Stipulated: Independent film is in crisis. Now the question is: What will follow?
After a year in which independent film has taken a beating, this year’s Toronto Film Festival — opening on Thursday evening with “Creation,” a film about Darwin — will be a litmus test on the evolving state of serious cinema and its prospects for survival.
A quick 2009 recap may be in order: Sundance led to a few purchases, all small. Cannes was great; almost no one bought anything and those who did paid for marketing budgets rather than film rights.
The distribution landscape has been reduced to a wasteland of failed companies (Picturehouse, Senator). Those mainstays that survive (Fox Searchlight, Focus) have their familiar niches and defined tastes.
Understood: independent film is in crisis. Now the question is: What will follow? Have filmmakers learned to adapt? Are new forms of distribution proving viable? Are the green shoots of renewal ready to appear?
“This is uncharted territory for me,” said producer Dean Zanuck, who is bringing his first independent feature, “Get Low,” a Southern Gothic tale starring Robert Duvall and Bill Murray, to the festival and seeking distribution. (Click to see what else is up for grabs in Toronto.)
Realism is the byword for Zanuck, despite his own Hollywood ties (he is son of producer Richard, grandson of mogul Darryl F.)
“Companies are dropping like flies,” he acknowledged, referring to his search for financing. “But if you want it badly enough, and you search long and hard for it, you can find it. It took us a while but there’s money to be had. “
“I’m finding the mood is now changing,” said Mark Urman, who left the cash-strapped Senator to start Paladin just a few months ago. “Filmmakers are picking themselves up by their bootstraps and finding new formulas and a new realism.”
What many see as a correction to the crazed bidding wars of the 1990s has claimed untold numbers of films that have gone without distributors in the past few years, and seen the demise of indie divisions and companies.
That brutal adjustment is guiding strategies going into Toronto.
Cynthia Swartz, a longtime publicist and festival veteran, observed: “People aren’t looking for big numbers in advances anymore. They’re looking for big numbers in prints and advertising. They’ve gotten past the question of big advances.”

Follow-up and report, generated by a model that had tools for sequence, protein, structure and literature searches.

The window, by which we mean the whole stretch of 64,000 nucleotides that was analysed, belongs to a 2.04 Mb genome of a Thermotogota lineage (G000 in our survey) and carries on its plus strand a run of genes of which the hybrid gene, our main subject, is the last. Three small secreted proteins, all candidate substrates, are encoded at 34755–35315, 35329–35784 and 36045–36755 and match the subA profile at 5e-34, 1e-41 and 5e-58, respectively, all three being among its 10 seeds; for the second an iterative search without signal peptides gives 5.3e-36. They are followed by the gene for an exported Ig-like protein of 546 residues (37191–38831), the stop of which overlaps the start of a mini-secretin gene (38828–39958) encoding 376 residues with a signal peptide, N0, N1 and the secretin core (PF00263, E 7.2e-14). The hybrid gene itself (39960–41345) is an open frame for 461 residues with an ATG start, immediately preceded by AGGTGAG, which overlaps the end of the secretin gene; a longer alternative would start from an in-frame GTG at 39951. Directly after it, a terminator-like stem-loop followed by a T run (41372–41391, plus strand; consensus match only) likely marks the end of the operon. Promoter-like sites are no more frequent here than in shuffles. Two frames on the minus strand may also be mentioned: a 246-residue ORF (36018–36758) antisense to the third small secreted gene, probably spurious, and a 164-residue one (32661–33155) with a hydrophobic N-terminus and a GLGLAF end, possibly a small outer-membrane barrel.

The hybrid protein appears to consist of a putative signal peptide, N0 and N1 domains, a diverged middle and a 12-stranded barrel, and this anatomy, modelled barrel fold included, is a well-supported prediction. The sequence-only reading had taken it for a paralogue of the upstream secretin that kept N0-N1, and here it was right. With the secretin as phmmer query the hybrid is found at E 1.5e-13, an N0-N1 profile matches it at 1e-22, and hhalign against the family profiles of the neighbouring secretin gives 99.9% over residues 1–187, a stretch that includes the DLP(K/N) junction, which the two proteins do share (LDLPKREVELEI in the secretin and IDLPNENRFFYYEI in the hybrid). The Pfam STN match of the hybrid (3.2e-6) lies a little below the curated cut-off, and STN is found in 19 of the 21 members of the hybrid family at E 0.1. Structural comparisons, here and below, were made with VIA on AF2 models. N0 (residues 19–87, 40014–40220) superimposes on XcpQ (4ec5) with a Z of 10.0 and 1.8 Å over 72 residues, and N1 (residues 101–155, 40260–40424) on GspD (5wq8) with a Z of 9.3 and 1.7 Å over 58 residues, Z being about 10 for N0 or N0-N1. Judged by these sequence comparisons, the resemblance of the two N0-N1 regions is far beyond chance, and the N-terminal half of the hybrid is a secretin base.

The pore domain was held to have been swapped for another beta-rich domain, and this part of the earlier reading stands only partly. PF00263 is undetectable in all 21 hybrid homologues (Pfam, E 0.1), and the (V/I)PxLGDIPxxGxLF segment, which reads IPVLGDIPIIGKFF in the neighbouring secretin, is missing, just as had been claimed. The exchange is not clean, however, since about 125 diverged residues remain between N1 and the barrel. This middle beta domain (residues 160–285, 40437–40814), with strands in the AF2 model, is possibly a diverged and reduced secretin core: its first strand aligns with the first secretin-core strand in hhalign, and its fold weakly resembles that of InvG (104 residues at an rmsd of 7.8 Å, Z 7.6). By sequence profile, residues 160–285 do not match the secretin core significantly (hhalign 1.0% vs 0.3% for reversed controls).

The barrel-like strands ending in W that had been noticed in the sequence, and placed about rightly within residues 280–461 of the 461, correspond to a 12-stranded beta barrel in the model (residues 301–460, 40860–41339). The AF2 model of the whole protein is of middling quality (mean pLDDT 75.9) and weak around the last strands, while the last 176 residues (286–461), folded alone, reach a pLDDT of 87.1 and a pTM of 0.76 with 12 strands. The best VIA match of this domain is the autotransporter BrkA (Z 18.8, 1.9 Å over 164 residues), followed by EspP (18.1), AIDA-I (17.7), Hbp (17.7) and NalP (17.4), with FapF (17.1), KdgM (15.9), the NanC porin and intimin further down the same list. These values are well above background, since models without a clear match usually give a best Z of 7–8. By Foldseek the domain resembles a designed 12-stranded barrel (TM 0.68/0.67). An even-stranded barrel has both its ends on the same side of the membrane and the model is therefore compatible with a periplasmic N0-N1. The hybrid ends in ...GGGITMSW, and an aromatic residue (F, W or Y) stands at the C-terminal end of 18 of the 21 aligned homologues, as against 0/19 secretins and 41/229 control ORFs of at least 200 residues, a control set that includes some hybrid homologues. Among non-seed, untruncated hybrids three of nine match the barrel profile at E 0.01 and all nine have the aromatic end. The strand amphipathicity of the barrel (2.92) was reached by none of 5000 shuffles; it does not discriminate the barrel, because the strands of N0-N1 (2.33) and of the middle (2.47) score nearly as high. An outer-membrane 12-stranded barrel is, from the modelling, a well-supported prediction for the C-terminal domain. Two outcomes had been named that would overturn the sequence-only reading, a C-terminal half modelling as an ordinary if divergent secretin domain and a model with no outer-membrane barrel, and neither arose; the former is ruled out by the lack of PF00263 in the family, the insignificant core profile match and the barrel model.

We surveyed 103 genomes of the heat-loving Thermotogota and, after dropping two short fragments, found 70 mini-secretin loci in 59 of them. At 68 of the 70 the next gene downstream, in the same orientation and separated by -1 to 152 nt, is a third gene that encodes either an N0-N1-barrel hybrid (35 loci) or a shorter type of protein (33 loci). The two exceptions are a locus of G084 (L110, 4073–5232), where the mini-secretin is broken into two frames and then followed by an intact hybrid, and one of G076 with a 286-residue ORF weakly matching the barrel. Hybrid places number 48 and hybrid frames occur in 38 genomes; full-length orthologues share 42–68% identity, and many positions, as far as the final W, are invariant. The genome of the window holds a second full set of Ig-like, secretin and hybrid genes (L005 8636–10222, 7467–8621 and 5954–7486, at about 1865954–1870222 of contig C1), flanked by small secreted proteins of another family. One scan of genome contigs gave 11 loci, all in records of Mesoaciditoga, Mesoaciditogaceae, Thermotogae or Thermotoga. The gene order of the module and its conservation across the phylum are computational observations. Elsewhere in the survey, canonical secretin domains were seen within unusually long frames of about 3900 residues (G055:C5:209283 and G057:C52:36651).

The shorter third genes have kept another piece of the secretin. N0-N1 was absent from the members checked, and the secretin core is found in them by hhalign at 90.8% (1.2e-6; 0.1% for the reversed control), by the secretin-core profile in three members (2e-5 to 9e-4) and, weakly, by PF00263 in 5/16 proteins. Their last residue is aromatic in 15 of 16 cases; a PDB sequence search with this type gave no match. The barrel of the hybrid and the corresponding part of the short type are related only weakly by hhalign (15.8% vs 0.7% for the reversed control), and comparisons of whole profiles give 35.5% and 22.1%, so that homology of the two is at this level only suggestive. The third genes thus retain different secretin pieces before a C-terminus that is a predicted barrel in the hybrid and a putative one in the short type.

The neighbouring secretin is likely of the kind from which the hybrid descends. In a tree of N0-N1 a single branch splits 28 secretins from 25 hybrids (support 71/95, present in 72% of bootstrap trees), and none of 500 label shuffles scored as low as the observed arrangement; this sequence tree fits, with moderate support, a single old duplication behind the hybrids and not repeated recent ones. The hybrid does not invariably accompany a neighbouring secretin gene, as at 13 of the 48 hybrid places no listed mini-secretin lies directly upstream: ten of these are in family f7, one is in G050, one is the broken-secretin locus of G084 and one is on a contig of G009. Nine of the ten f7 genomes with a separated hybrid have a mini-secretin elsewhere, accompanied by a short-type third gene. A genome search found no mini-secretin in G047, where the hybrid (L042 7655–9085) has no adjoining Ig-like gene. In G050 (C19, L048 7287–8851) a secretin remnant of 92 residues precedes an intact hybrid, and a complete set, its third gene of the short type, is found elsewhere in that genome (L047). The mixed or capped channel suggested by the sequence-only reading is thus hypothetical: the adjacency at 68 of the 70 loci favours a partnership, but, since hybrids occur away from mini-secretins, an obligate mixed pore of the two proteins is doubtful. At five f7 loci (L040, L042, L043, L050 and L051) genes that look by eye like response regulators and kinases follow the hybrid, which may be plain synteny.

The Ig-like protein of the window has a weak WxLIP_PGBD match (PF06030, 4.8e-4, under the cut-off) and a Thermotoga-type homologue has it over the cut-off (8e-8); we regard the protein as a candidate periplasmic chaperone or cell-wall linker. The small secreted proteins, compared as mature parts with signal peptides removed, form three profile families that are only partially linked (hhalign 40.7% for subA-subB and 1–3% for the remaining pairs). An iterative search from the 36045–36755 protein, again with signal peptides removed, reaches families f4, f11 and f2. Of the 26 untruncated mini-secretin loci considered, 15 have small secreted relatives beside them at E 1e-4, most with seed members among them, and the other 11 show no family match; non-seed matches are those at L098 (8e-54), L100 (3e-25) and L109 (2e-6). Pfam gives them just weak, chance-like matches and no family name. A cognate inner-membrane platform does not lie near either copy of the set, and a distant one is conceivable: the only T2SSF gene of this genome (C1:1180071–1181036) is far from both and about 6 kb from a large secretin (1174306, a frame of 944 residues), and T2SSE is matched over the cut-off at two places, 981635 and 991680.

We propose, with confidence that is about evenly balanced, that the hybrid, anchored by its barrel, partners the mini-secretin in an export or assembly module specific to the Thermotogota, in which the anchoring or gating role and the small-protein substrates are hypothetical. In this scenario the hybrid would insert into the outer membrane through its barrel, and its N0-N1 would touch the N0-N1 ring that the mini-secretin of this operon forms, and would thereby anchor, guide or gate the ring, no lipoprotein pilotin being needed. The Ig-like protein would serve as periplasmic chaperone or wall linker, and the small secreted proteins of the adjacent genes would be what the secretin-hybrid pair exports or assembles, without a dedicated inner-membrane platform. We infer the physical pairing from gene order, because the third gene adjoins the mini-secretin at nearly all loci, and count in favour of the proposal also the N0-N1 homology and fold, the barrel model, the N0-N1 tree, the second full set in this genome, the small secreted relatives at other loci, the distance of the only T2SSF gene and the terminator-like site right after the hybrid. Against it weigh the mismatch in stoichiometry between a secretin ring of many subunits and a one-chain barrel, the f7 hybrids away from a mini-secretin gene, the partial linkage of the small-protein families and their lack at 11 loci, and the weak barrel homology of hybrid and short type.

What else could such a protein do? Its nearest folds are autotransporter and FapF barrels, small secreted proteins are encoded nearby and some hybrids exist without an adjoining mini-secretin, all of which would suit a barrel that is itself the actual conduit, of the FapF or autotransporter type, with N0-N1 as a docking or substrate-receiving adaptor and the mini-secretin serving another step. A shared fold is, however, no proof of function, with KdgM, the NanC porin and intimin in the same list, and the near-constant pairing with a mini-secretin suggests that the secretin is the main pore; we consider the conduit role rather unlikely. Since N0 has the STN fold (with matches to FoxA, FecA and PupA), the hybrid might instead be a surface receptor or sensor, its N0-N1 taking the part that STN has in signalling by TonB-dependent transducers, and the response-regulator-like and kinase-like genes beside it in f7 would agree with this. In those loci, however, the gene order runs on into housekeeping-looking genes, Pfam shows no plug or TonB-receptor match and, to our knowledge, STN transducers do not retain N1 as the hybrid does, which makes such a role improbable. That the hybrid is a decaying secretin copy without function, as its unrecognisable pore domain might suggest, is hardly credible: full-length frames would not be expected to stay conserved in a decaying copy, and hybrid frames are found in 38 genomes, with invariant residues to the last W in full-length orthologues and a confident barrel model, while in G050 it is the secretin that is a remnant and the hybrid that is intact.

“I think the sellers are going to have to rethink the way they put their movies out there,” said Tom Bernard, co-chairman of Sony Pictures Classics. “They’re going to have to be more selective. They have to change their tactics. It won’t be the bidding wars of years past. No more moneybags — getting burned in overpaying situation.”
Some new players have emerged in recent months: Bob Berney with his new company Apparition; Summit and Overture are still buying independent films, though Overture has moved its strategy away from arthouse films.
Still — “these are all sorts of cautious people,” warned Bernard. “They’ve all been burned before."
A relatively long list of movies — some having screened previously at festivals from Venice to Sundance to Cannes — is available for distribution, many with high-caliber pedigrees and strong advance buzz.
One of the most anticipated is “A Single Man,” designer Tom Ford’s first filmmaking foray, a character study into the interior life of a gay man, played by Colin Firth.
Zanuck’s “Get Low” stars Duvall as a hermit who wants to stage his own funeral; Bill Murray plays the funeral director.
“Creation,” with Paul Bettany, is also for sale.
Movies including “Fishtank,” about an angry, working class British girl, and “Agora,” a Roman-era film by Alejadro Amenabar, have been available since their debut in Cannes. “Agora” has been recut since.
“You have some really good movies for sale this year,” said Swartz. “If they don’t sell — and I have this nagging feeling that they’re not going to sell — I don’t know if there is a home for them with legitimate theatrical distribution.”
But Urman said that he is tired of indie world complaints about the shrunken state of the marketplace; indie film got too big for its britches, he said.
“So many of us have been doing nothing but complaining,” Urman said. “Everyone is saying, ‘It’s broken.’ Pick yourself up — do it the way it was meant to be done — low overhead, in the proper proportion.
“What was everyone thinking when this $30 million art film started encroaching and dominating?" he said. "It became impossible to sustain. And therefore it stopped.”
The festival also arrives with several films already kicking up advance buzz for the Oscar season that unofficially begins with Toronto:
Fresh off of Telluride, Jason Reitman’s “Up in the Air” from Paramount is gaining word-of-mouth heat and The Weinstein Company’s “The Road” starring Viggo Mortensen will get a chance to win advocates. (Though that movie was just pushed back again, to a November release date from its October plan.)
Michael Moore’s hotly anticipated documentary, “Capitalism: A Love Story,” (Overture) will screen at Toronto; as will the Coen brothers new dark comedy, “A Serious Man,” (Focus) based on their lives growing up with their father in Minnesota.
Audiences will also get a glimpse of Steven Soderbergh’s new drama, “The Informant,” (Warner Bros) starring Matt Damon.
Said Swartz: “There’s a lot for sale, and the question is, is anyone buying who can give these movies a big theatrical releases? There are certainly good films."
If not — what then?
Zanuck has many things on his side: an illustrious Hollywood name, movie stars and some pre-screening press (including here). But he is not beyond considering the what-ifs of a rising digital reality.
Asked about a new trend toward self-distribution, he said, “For this particular project, with this pedigree and cast, it wouldn’t feel right.” He paused. “But if it comes down to releasing it on YouTube …” he pondered. “One should always prepare for the worst case scenario.”